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Pack for the weather

It’s such a bummer when you get hit with easily avoidable extra costs, taking money out of your budget from things you actually wanted to spend on. Here’s a tip: bring your own sheets and sleeping bag for hostels and alternative accommodation. Not bringing them is a simple mistake that can cost you upwards of 800 ISK ($10) each time you relocate.

budget iceland northern lights

Bundled up traveler under the Northern Lights.

In efforts to keep warm, make sure you bring layers! It’s cold. Very cold. Iceland is not the place where you want to leave extra room in your suitcase to pick up an expensive souvenir sweatshirt to keep you warm. It’s necessary to be outfitted properly when you’re hanging around in the darkness in the countryside, waiting for the Northern Lights to put on a (magical) show.

READ MORE: A PHYSICISTS GUIDE TO ICELAND’S NORTHERN LIGHTS

Bring a refillable water bottle

In the land of free-flowing waterfalls and glistening icebergs, you can bet the tap water is safe and pure to drink. Bring a refillable water bottle! Not only will this reduce your environmental impact, but it will reduce your spend. Just make sure when replenishing your water bottle that the tap is turned to cold water. Hot water in Iceland is high in sulphur (geothermal energy is used to heat around 90% of Iceland’s homes).

Buy alcohol in the airport

Another liquid that can quickly drain your budget is alcohol. If you like to enjoy a drink, be wary of wines and spirits that can cost upwards of 800 ISK ($10) in Iceland.

Expect that in cities like Reykjavík, known for having a lively nightlife, that locals don’t head out to bars until around 12:30am.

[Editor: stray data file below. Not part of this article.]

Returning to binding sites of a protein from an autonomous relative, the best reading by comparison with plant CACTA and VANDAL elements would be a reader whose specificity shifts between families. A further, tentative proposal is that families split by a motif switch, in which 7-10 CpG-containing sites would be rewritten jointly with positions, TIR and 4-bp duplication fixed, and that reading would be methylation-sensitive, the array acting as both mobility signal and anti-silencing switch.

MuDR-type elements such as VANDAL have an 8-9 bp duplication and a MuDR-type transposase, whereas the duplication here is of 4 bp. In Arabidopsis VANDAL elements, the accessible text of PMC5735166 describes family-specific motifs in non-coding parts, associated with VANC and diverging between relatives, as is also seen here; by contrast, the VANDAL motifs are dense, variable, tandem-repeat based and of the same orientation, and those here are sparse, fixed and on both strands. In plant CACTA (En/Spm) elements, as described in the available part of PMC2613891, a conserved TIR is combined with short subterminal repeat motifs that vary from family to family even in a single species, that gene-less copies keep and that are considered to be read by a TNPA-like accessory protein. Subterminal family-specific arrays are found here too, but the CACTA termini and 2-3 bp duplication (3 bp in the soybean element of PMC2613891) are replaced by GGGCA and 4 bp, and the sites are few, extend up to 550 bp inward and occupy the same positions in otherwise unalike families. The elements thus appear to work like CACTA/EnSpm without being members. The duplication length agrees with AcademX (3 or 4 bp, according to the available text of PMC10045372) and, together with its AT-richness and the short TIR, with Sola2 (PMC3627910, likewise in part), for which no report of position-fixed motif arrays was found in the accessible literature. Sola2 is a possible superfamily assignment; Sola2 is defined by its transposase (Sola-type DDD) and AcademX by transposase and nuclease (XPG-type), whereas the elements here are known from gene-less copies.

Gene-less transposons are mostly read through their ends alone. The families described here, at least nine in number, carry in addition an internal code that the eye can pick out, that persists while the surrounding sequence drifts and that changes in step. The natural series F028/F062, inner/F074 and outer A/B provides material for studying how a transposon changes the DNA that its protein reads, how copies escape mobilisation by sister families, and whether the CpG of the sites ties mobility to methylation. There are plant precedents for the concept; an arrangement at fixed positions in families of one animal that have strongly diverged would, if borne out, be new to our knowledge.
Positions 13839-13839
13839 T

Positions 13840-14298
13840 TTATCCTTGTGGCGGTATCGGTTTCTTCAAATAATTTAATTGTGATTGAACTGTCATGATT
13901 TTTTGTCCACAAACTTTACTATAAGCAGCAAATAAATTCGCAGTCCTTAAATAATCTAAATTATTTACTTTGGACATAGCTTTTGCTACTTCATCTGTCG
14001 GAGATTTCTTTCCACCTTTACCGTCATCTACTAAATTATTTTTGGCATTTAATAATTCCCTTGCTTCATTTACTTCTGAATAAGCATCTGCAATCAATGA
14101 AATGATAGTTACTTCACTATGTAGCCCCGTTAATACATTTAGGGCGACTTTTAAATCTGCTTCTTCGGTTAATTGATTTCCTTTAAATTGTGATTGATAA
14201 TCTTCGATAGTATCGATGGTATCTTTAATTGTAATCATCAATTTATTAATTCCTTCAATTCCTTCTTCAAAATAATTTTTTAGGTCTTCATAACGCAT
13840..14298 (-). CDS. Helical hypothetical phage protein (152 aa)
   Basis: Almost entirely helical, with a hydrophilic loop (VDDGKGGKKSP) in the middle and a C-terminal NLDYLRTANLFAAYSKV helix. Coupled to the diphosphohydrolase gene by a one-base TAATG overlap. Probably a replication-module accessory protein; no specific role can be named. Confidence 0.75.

Reykjavik iceland on a budget

The bustling city of Reykjavik.

So, take advantage of being at the airport, by buying tax-and-duty-free alcohol for a much cheaper price. Enjoy, and head out on the town.

Cheeky tip: bring a flask to ration out your alcohol, especially if you’re camping.

OFF-PEAK VISITS ALSO MEAN CHEAPER PRICES; HERE’S WHY ELSE TO VISIT IN WINTER

Venture to lesser-known lagoons

It seems that there’s a pattern… the more people enjoy the same attraction, the higher the prices. Well that’s the case for the Blue Lagoon which costs around 5000 ISK ($60) for a single, basic entry.

Iceland on a budget Blue Lagoon

The Blue Lagoon

Instead of heading straight there, it’s hardly a compromise if you head to lesser-known hot springs like the stunning Reykjadalur (translated to “steam valley”). Even better, it’s just a 40-minute drive out of Reykjavik. This remote, steaming river is a natural gem and as such, you aren’t charged an entrance fee.

READ MORE: 6 HOT SPRINGS IN ICELAND MUCH BETTER THAN THE BLUE LAGOON

Cash in on free activities

Take advantage of the wonderful outdoors with its free activities built into nature. You can admire Jökulsárlón glaciers from the shore of the lagoon, (luckily a tour is included on Intrepid’s 6-day Northern Lights Escape). You can just as well visit the seaside village of Vík í Mýrdal. Its massive basalt stacks border the black sand beach of Reynisfjara. The naturally formed columns are so remarkable that they look hand carved.